At 15:04, Tyler’s ‘57 Volvo comes to a stop by the caterpillar treads of a tank. Although a decade old and acquired second-hand, the blunt-nosed car is still a shiny red, like the sunburned arm dangling out its window.
The tank sits on the edge of a Wisconsin cornfield, put there by a local veteran of World War II. The barrel of the old armored vehicle points out toward Interstate 90, running parallel to the service road where Tyler has come to a stop. The August afternoon is brilliant, filled with the sounds of traffic and barking dogs, with the screeching of crows in the top branches of the nearby oaks. It is a moment for Ty to love everything: he’s graduated from high school, his summer’s free — nothing required today but a trip to the grocery store. It’s a time of passage and possibility: one door has closed, and another stands ready to open.
Tyler’s right hand rests on the black plastic ball of the stick shift. To his left, a dark blue pickup truck is pulling out of the little gravel parking lot by the tank. Its driver, wearing a black cowboy hat, suddenly notices the Volvo and jerks to a stop.
Ty motions for the pickup to proceed. The cowboy defers with a wave of his hand. Tyler waits a moment to be sure, then begins to accelerate. The cowboy sees the pause and moves forward.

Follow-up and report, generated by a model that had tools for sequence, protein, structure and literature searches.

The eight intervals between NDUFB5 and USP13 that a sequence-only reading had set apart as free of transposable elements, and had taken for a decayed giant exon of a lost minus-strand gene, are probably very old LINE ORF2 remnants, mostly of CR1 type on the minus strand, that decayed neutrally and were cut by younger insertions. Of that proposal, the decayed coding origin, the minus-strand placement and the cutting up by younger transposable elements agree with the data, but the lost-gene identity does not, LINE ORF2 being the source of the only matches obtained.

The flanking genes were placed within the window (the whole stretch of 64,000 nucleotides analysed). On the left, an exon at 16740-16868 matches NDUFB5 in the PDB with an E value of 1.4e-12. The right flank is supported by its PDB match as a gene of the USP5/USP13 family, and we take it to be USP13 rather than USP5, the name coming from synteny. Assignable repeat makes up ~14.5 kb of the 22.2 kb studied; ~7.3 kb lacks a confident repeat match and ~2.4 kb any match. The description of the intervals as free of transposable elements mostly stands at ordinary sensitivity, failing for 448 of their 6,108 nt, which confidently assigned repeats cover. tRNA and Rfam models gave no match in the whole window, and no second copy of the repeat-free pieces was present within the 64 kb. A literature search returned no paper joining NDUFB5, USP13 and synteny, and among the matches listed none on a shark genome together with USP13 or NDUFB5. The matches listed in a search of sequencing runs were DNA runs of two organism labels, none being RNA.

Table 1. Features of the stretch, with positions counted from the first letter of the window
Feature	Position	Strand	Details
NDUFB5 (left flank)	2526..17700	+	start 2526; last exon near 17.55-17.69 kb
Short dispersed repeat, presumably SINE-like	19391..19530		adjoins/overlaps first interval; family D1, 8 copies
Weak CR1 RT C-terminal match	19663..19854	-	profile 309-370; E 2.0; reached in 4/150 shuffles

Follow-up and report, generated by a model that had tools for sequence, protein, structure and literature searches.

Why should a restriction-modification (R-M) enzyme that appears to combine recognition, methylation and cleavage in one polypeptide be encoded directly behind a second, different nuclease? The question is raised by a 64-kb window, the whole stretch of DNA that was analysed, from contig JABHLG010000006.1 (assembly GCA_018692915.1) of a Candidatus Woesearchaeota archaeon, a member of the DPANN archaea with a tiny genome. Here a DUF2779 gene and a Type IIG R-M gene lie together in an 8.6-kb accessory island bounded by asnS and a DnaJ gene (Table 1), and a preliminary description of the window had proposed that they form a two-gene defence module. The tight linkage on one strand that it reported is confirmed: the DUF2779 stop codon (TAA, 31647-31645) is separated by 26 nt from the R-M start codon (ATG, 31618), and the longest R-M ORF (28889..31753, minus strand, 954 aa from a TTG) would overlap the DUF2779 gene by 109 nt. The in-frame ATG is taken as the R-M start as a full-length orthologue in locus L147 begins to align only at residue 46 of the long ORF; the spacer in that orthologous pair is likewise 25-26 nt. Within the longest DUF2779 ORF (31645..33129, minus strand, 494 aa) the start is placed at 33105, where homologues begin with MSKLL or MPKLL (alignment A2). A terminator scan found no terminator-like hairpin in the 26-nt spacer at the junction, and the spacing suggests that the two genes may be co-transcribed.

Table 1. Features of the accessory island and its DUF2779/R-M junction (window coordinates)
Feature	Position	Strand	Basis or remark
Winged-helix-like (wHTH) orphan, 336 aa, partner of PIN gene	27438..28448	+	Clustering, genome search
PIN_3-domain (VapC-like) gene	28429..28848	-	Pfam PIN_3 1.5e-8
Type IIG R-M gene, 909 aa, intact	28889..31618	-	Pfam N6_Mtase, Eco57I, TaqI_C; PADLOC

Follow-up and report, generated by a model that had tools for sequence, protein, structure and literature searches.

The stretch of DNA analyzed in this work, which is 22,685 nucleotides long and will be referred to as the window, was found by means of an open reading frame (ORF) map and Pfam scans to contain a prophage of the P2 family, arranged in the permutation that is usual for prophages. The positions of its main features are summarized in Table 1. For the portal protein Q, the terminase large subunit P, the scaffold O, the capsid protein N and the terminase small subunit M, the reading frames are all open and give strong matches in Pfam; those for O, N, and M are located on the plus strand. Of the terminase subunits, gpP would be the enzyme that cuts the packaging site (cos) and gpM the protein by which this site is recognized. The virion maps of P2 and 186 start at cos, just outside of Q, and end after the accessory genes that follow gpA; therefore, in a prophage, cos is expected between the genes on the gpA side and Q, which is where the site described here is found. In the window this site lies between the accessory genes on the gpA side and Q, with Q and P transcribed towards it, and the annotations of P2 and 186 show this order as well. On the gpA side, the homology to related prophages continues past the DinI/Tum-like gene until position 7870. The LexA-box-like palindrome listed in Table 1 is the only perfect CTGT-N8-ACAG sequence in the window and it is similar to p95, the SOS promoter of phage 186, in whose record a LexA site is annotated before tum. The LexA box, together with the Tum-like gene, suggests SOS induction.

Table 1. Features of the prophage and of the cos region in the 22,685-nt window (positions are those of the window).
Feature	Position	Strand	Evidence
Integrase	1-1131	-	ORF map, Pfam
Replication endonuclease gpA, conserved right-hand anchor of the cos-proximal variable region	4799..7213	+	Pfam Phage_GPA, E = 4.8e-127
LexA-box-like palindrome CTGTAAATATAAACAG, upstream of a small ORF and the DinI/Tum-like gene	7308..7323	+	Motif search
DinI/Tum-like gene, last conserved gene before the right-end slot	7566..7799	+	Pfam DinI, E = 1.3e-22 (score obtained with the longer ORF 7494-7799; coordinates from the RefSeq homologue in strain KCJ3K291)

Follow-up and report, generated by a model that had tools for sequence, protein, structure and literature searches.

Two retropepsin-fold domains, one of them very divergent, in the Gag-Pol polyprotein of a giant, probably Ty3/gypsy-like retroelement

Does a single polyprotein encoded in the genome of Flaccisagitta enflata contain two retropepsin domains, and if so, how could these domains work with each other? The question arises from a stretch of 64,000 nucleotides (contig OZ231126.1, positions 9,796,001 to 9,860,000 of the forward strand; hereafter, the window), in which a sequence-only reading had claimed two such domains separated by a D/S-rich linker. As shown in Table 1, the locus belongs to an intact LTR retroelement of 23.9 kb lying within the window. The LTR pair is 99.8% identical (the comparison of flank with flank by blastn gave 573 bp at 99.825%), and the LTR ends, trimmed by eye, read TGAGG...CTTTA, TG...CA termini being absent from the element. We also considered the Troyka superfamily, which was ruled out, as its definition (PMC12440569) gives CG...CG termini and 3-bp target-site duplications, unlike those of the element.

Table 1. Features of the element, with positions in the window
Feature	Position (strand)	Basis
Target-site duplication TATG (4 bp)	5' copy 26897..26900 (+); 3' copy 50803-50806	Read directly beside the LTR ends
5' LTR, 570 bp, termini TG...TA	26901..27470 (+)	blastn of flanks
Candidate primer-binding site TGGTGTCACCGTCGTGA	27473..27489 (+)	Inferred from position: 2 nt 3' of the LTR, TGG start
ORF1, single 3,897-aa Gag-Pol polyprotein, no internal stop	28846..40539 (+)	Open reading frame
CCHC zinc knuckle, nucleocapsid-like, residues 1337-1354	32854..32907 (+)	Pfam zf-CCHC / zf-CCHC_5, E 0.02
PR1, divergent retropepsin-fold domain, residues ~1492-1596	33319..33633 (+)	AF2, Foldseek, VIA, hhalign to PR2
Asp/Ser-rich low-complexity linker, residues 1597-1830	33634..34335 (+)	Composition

At 15:19, a police officer parks his squad car next to the pickup and steps out.
By 15:31, the cowboy has accepted responsibility for the little dent in Tyler’s front fender. As the police officer completes his notes, a blue jay rises from an oak branch overhead. The bird squawks, drops its payload and is out of sight — leaving a white stain on the officer’s navy blue shirt.
The officer smiles dryly, shaking his head. “For some people they sing,” he says.
At 15:46, Tyler pushes a grocery cart briskly through the U-Save, gathering the items on his mother’s list: bread, milk, a large bunch of bananas, frozen orange juice, carrots, pretzels, canned tuna. In the produce aisle, the stock boy drops a box filled with heads of lettuce. Although he is forty minutes late, Ty stops to help pick them up.
“Lettuce turnip and pea,” he quips.
At 16:15, Tyler pulls into the driveway of his parents’ house. The grocery bag wobbles slightly in the seat beside him as he opens the car door. His father comes out of the garage and walks slowly towards the car. Behind the front door screen, his mother stands silently. His father’s face reddens; the right hand clenches — his eyes fix on the front bumper.
“Give me your license!” he snaps.
Tyler’s chest fills with sudden, hot electricity. He stands motionless, unable to think of anything to say.
“Don’t even think about arguing with me,” his father yells.
Ty pulls the plastic card from his wallet and surrenders it. His mother closes the front door and is gone. His father returns to the garage, throwing the license into a trash barrel.
Tyler enters the kitchen through the patio behind the house. He goes directly and quietly to his room, pulls a carefully packed, olive drab duffel from under his bed, and carries it to his car.
Where one door closes, another opens. Better to retreat a yard than to gain but an inch.
On Interstate 90 at 16:38, Tyler rummages in the bag of groceries for a banana.
Copyright 1996 by Brian Dean Powers
Published in Tasty Morsels: An Anthology of Short Fiction